RHB connects us all. Rear windows stickers are now available online at (pins etc coming soon) Put one on the rear window of your car and tell us the story when you see one on the highway! It could get you the perfect job, sale and friendship!

Monday, November 05, 2007

Knocking down Silos and "Third Gear" What's your feedback?

Hi Folks,

It's been two years since I started giving "Knockiing down Silos" talks across North America. I started these originally as seminars on how to network for the perfect job or word-of-mouth sale but I am starting to see some interesting feedback (please see below as examples). I would value your thoughts and ideas on what you got from my talk and how and where you think I should take it.



Tuesday, October 16, 2007

He was a "good guy"

Some blogs don't need to be long.

Dan Hawkins from Farmlink out in Swift Current, Saskatchewan heard one of my Knocking down Silos talks this past Spring. I tell folks to live your life so people call you a "good guy" when you're not in the room.

Dan saw this marker embedded in the stone sign beside the 15th hole at a local golf course and was kind enough to send along a photo.

Thanks Dan. Thanks Scoof.

Monday, September 24, 2007

Culture Clash - let's help H out!

I am a first year MBA student I was wondering if I should go to your KDS just for this session, but I think I made the right decision to attend. I think you are very good at what you are doing and was impressed by the way you conveyed the message.

Unfortunately I was not able to talk to you after the session. I have a question that keeps bothering me all the time, and was hoping you might have a suggestion about how to deal with it. I remember you mentioning last evening that most of the business decisions take place at the golf course. I totally agree with you.

But here’s what I have noticed with me, I can talk for hours about business but when it comes to talking about that other things like golf or anything other than work, I kind of get quiet and that’s one of the reasons people see me as a boring person, they just hang out with me when there is work and then after that they tend to be with their own gang.

I have tried hard to fit in but I don’t know if there is something that I should do. Added to that whenever I am offered an invite to go out by my colleagues, I kind of reject the offer (1). Because I am a woman from India and not used to hanging out in bars late in the night (2) I don’t drink, dance, smoke etc. so I have noticed that colleagues that do the above tend to bond better and have much more to share than me.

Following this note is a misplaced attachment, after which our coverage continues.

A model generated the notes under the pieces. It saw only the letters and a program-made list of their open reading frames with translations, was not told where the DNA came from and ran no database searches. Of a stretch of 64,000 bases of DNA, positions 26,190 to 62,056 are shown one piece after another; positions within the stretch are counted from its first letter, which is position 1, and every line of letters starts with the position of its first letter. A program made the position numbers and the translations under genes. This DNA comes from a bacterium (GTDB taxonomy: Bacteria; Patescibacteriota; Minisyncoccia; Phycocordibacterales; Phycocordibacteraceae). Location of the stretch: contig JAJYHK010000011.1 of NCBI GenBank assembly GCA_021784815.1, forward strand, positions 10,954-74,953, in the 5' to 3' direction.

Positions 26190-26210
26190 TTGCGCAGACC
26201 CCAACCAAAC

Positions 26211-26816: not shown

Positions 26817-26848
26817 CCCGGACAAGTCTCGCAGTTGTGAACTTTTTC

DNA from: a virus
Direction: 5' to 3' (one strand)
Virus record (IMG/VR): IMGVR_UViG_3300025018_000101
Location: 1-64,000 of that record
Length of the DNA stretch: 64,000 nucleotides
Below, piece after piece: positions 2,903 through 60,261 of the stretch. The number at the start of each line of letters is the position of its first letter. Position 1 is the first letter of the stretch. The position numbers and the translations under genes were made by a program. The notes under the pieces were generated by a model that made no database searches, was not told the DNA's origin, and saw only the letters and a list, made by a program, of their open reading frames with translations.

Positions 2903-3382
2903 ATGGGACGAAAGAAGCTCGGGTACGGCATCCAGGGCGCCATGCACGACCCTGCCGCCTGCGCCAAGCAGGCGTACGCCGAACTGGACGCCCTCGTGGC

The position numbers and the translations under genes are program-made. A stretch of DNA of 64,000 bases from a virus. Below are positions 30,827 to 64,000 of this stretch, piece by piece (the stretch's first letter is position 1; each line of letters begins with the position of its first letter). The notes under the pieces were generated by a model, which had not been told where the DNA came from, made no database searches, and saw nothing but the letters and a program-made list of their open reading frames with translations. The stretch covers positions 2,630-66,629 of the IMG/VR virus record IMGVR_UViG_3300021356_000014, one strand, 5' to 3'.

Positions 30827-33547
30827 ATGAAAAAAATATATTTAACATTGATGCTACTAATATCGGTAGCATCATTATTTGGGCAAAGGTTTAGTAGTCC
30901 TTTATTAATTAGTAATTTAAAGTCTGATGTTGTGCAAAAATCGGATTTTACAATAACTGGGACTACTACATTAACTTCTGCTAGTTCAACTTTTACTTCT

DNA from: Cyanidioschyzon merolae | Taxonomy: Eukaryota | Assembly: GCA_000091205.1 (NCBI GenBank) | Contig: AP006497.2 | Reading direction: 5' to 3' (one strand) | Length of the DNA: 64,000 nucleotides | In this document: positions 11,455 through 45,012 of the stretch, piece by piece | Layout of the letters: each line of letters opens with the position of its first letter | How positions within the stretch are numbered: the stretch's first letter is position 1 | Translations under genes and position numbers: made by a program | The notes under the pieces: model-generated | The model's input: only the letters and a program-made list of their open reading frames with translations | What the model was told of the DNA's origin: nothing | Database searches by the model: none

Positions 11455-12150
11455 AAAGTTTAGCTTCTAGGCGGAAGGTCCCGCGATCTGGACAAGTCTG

Even though I have better talents to perform in my job, I have noticed that my bosses tend to prefer hanging out with the peers that can party.

I don’t want to change my lifestyle and start drinkng and doing all the other stuff just to go up the organization, however I am sure that there might be other things that people can do to fit in. Could you please provide me with any insights?

I really think that is one of the most difficult challenges for me in the work place and I am doing a lot of trial and errors that so far has not resulted in any permanent success. I would definitely like to know what you have to say about this situation whenever you can afford to write to me.

Use Knocking down Silos to help you in your career!

Over the next Month, I'll be holding 4 "Knocking Down Silos" in Hamilton, Toronto, Waterloo and Guelph. The schedule and PDF are here.

Many people use "Knocking down Silos" as a business development tool. Can I show you how to do this as well? It may help you get more sales or receive that great job offer.

If you have been to a "Knocking down Silos" event, you know it is an interactive evening that reviews the basics of proper networking behaviour. Hundreds of people from different industries show up to learn how to increase their effectiveness in the business (and personal) world.

Every 20 minutes, people have to turn to the person next to them and ask key questions (e.g. "what's your biggest challenge and how can I help you?). Here is a video preview. Who would you like sitting next to you when they ask you that question? Then invite them!